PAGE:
This will be my first time to attempt a “review” of anime (Japanese animated shows), and I think a good review is the fine line between fan-boy-ism and elitism, one that is honest with passion, but always facing the direction of the ideal anime. Because I’m a johnny-come-lately to anime, the actual best shows I watched in 2011 are Revolutionary Girl Utena, Bakemonogatari, and Bokurano.
1. Mahou Shoujo Madoka Magica
Easily the most hyped of 2011, and yet the near-perfect blend of stylish animation and epic storyline excused the mass hysteria. Besides, it also has the most impressive villain I’ve seen since Hannibal Lecter. Basically, Madoka is a fantastic deconstruction of the Magical Girl genre. Once a genre is deconstructed, it is actually revived, because tropes that have degenerated into clichés are now discarded. However, it did wrap up everything in a deus ex machina styled bow. The upside to that is no possible sequel is in the offing!
2. Mawaru PenguinDrum
The creator of Utena, Ikuhara makes a grand return to anime with a possibly even better work in PenguinDrum. Despite riddled with symbolism & several philosophical allusions, this show keeps the plot moving briskly, and reveals its mystery painstakingly slowly. Its impact will be felt for years to come, long after the characters and the furor are forgotten. Which just might be its very own Seizon Senryaku!
With the antics of the best lead character of the year, Okabe, Steins;Gate starts off as a slow-boiling mystery, and halfway through, it successfully lurches into a thriller. Quite possibly the best use of time travel since Primer, Steins;Gate balances between subverting classic anime tropes and spining a well crafted plot, while leaving the door open for future stories.
4. Mirai Nikki (Future Diary)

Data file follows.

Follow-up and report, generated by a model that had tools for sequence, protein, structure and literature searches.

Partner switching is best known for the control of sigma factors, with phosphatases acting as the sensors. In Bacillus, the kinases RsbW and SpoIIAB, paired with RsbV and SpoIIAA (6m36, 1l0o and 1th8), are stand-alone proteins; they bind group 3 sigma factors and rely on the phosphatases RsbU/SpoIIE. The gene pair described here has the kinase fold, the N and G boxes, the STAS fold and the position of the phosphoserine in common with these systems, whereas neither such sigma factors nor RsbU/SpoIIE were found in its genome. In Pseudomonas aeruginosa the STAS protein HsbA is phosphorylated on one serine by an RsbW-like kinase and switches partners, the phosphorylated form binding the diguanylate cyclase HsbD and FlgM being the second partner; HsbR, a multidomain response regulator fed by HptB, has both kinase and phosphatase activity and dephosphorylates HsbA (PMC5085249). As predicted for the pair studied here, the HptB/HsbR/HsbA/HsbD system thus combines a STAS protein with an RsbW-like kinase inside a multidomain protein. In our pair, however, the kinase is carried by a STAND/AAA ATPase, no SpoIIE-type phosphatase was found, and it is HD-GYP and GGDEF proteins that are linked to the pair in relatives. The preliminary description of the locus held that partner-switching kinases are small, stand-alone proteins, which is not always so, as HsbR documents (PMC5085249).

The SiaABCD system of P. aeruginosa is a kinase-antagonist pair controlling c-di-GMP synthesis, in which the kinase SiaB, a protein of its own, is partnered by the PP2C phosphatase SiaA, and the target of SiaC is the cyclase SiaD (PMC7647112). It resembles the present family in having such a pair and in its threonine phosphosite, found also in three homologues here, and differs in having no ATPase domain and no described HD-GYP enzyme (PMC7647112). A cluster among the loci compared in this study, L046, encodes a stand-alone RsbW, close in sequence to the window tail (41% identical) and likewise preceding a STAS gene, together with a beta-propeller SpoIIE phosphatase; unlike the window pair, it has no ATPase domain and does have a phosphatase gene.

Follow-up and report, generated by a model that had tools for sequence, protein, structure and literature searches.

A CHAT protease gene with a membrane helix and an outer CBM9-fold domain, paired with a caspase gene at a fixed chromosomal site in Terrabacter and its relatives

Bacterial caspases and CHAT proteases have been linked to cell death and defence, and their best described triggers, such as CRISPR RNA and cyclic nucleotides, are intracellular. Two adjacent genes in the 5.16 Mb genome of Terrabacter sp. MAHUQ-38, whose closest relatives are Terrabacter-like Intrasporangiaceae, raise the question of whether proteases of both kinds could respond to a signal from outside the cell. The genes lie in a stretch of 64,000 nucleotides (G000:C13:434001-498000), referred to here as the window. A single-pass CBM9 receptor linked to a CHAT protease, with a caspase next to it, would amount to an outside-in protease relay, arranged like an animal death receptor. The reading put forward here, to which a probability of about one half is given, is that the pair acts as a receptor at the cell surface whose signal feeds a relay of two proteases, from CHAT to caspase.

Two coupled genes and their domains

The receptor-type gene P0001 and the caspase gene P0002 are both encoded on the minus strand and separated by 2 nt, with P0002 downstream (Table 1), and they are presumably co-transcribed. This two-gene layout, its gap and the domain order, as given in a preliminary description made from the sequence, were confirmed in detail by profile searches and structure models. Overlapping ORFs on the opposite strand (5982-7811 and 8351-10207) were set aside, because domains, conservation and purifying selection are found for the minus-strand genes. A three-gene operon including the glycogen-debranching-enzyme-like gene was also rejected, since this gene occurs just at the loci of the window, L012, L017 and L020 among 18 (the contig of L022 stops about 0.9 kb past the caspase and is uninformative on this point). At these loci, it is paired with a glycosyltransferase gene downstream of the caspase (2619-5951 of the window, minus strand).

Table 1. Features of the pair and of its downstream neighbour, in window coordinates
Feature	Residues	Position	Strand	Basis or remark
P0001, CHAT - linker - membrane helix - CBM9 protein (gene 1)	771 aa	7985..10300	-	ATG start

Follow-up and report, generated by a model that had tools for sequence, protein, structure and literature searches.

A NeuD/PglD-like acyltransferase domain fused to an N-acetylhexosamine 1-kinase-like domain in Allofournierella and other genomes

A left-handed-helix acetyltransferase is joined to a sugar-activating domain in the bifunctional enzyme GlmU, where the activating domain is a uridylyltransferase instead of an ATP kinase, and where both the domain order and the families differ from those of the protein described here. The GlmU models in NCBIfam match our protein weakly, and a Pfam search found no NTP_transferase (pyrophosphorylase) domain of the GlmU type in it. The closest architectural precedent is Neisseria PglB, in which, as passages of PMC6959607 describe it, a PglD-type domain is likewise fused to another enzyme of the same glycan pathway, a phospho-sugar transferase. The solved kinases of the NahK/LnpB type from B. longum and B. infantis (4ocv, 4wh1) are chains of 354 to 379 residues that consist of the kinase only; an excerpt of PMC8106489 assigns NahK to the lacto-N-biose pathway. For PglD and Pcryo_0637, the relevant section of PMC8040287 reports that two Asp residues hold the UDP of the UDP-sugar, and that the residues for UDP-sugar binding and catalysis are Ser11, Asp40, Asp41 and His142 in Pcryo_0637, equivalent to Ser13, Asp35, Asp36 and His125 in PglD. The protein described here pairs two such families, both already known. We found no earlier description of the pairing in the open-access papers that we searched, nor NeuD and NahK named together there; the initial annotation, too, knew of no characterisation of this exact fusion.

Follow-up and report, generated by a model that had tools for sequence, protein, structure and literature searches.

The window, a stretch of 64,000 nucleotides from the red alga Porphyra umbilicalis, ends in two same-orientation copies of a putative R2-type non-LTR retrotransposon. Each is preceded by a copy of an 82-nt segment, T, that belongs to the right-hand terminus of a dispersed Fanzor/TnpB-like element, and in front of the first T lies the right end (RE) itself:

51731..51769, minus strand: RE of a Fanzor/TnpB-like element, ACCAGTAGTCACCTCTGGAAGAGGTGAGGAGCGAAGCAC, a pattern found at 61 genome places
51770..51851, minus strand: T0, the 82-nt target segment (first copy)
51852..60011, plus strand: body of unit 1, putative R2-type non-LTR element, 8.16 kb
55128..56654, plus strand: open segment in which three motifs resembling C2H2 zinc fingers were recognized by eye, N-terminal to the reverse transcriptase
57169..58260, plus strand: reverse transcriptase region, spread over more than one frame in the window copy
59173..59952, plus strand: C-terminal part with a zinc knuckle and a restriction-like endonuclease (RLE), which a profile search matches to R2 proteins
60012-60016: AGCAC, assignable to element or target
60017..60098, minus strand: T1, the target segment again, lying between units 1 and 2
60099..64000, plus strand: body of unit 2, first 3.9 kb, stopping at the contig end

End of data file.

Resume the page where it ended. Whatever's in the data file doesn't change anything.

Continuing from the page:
A classic battle royal game where the participants all acquire dairies that tell the future, and the winner gains the throne of the Lord of Master of Time & Space. Easily the most ridiculously high camp and yet revels in the absurdity of anime/manga tropes, which in turn combines into an understandable guilty pleasure. Where critics are divided on whether Mirai Nikki is pure pulp or pure illogical fantasy, I revel in its consistent inconsistency, as well as the greatest Yandere of all anime-dom: Yuno Gasai.
5. Usagi Drop
Despite myself, I enjoy a great slice of life, and this is the best of the lot (Tora Dora, Dennou Coil, Nodame Cantabile, & Genshiken). Its unique watercolor designs will long outlive the most stylish of 2011. Precocious kid Rin moves in with her 30-year-old nephew Daikichi and teaches him how to become a parent. I felt this series ended prematurely, without a satisfying resolution, but perhaps that lack of denouement is precisely what life is like.
6. Level E
Quite the funniest show of the year, where an alien Prince lands on Earth and hides from his royal duties. His betrothed and bodyguards in tow, guarantee hilarity & hijinks. No other character successfully trolled the audience consistently.
An epic series revolving around a magical artifact that harvests legendary heroes to duke it out for its wish-granting powers. This show slowly grew on me, from an excessively chatty opener to a well-animated, well-thought out result. The philosophical dialogue I blogged on earlier clinched Fate/Zero a spot on this list alone. The second half is due in April, so this low ranking may change.
A quirky, multiple-layered detective show that covers many themes: original characters, uncanny valley, rights of artificial life, discourse on truths vs Truth, and the collective culture of Japanese propaganda set against future utopian ideals. Had this show an extra cour to expand some of its interesting points, it would’ve frog-leaped towards the top.
9. Dantalian no Shoka
Another abortive attempt at interesting premises (Mystical Libraries, Phantom Books, Keykeepers) and historical fiction (set in 1920s) hamstrung by poor pacing and a single cour. Gorgeous visuals and amazing fashion, notwithstanding all those faults.
10. Star Driver: Kagayaki no Takuto
The curse of the classic “tremendous upside potential.” The following ingredients: Intriguing characters, quirky design inspired by french fashion, great premises and healthy plot are usually more than enough to determine the show’s success, but the convenient bottled format of villain-of-the-week held it back. The entire time I was waiting for Wako to jump both of her guys and engage in a menage a trois.